Whale sleep

How do whales sleep? It’s always been difficult to tell, because we can’t easily observe their daily habits. But back in the late 90s, a female gray whale was rescued at sea and esconced at Sea World in San Diego, where a couple of scientists recorded its wake/sleep behavior for nine days solid. They wrote a paper with their observations in 1990 (PDF here).

The results? Well, it turns out that a busy day of sieve-feeding benthic crustaceans really knocks you out. The whale slept about 40% of the day, or about 9.5 hours. Also, the whale was diurnal, sleeping, like us, mostly at night.

Cool enough. But given those multiton brains they’re carrying around, the really big question is: Do whales dream? The scientists recorded eye movement and neck-and-body jerks that suggested that indeed, “paradoxical sleep” — REM — might be going on. As they wrote …

… we think that the presence of jerks during rest in the gray whale, taken together with our previous data on three species of dolphins, allows us to suggest that short episodes of PS do exist in Cetaceans in a modified form that is not accompanied by the classical polygraphical or behavioral signs of PS observed in most terrestrial mammals.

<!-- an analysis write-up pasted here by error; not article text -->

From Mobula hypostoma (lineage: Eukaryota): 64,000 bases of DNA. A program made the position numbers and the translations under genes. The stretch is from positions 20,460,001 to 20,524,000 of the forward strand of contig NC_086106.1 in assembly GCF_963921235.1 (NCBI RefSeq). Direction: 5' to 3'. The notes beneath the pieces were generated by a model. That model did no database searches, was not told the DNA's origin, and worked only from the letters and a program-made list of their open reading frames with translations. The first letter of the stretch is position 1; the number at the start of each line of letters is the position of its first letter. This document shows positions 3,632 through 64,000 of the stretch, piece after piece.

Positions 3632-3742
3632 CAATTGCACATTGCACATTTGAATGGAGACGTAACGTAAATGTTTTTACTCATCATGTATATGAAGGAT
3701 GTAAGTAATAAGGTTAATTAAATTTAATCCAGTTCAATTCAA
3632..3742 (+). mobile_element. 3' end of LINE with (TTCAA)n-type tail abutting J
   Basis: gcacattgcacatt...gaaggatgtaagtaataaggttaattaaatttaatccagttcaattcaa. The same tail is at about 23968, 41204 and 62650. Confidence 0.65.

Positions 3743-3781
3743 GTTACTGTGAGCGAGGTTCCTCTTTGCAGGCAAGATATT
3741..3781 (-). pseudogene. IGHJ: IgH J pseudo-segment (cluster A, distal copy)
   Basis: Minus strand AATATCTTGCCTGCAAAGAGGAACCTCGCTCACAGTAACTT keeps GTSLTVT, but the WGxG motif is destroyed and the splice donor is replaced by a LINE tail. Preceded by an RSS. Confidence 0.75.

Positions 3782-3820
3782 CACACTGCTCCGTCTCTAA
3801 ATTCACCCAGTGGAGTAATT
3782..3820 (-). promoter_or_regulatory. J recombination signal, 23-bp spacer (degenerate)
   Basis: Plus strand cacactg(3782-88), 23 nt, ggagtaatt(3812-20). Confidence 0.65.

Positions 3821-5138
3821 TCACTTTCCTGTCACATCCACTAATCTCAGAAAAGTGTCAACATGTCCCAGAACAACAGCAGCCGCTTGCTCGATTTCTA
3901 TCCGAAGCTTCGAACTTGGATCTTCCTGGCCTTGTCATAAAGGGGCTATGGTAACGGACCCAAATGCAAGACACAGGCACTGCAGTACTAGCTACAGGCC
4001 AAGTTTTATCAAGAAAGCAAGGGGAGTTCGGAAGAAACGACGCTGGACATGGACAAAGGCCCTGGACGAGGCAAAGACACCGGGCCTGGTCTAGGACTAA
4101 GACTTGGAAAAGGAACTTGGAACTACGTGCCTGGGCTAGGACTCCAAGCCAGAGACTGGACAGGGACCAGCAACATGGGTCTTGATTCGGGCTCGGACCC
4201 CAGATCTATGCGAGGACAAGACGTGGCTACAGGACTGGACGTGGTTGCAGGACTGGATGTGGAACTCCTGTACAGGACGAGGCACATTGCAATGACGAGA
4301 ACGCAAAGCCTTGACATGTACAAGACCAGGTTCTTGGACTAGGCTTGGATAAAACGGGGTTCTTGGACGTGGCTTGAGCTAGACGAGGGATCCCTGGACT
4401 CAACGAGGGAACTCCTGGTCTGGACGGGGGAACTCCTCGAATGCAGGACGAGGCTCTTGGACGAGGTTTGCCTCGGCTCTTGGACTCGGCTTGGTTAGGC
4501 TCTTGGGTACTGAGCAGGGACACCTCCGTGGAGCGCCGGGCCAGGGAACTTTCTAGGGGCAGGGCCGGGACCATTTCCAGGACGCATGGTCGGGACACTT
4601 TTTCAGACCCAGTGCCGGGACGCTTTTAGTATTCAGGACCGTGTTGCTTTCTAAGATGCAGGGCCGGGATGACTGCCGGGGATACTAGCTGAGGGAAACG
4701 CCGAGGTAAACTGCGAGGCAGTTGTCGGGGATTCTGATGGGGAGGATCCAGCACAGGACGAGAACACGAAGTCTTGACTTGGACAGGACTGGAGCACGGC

So, having duly cited the literature, we are now free to engage in the deliriously unscientific pastime of wondering: What in god’s name are whales dreaming about? The underwater scenery? Prime numbers? The telepathic messages they’re receiving from Alpha Centuri?

My favorite part of the paper is the diagrams showing the posture of the whale during sleep. Apparently she either floated slightly below the surface of the water, or chillaxed on the floor of the tank. Since this wasn’t an in-the-wild observation, of course, it doesn’t tell us whether or not whales would behave the same way in the briny deep, but perhaps future studies will explore this.

(Thanks to Science Blogs for this one!)

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I'm Clive Thompson, the author of Smarter Than You Think: How Technology is Changing Our Minds for the Better (Penguin Press). You can order the book now at Amazon, Barnes and Noble, Powells, Indiebound, or through your local bookstore! I'm also a contributing writer for the New York Times Magazine and a columnist for Wired magazine. Email is here or ping me via the antiquated form of AOL IM (pomeranian99).

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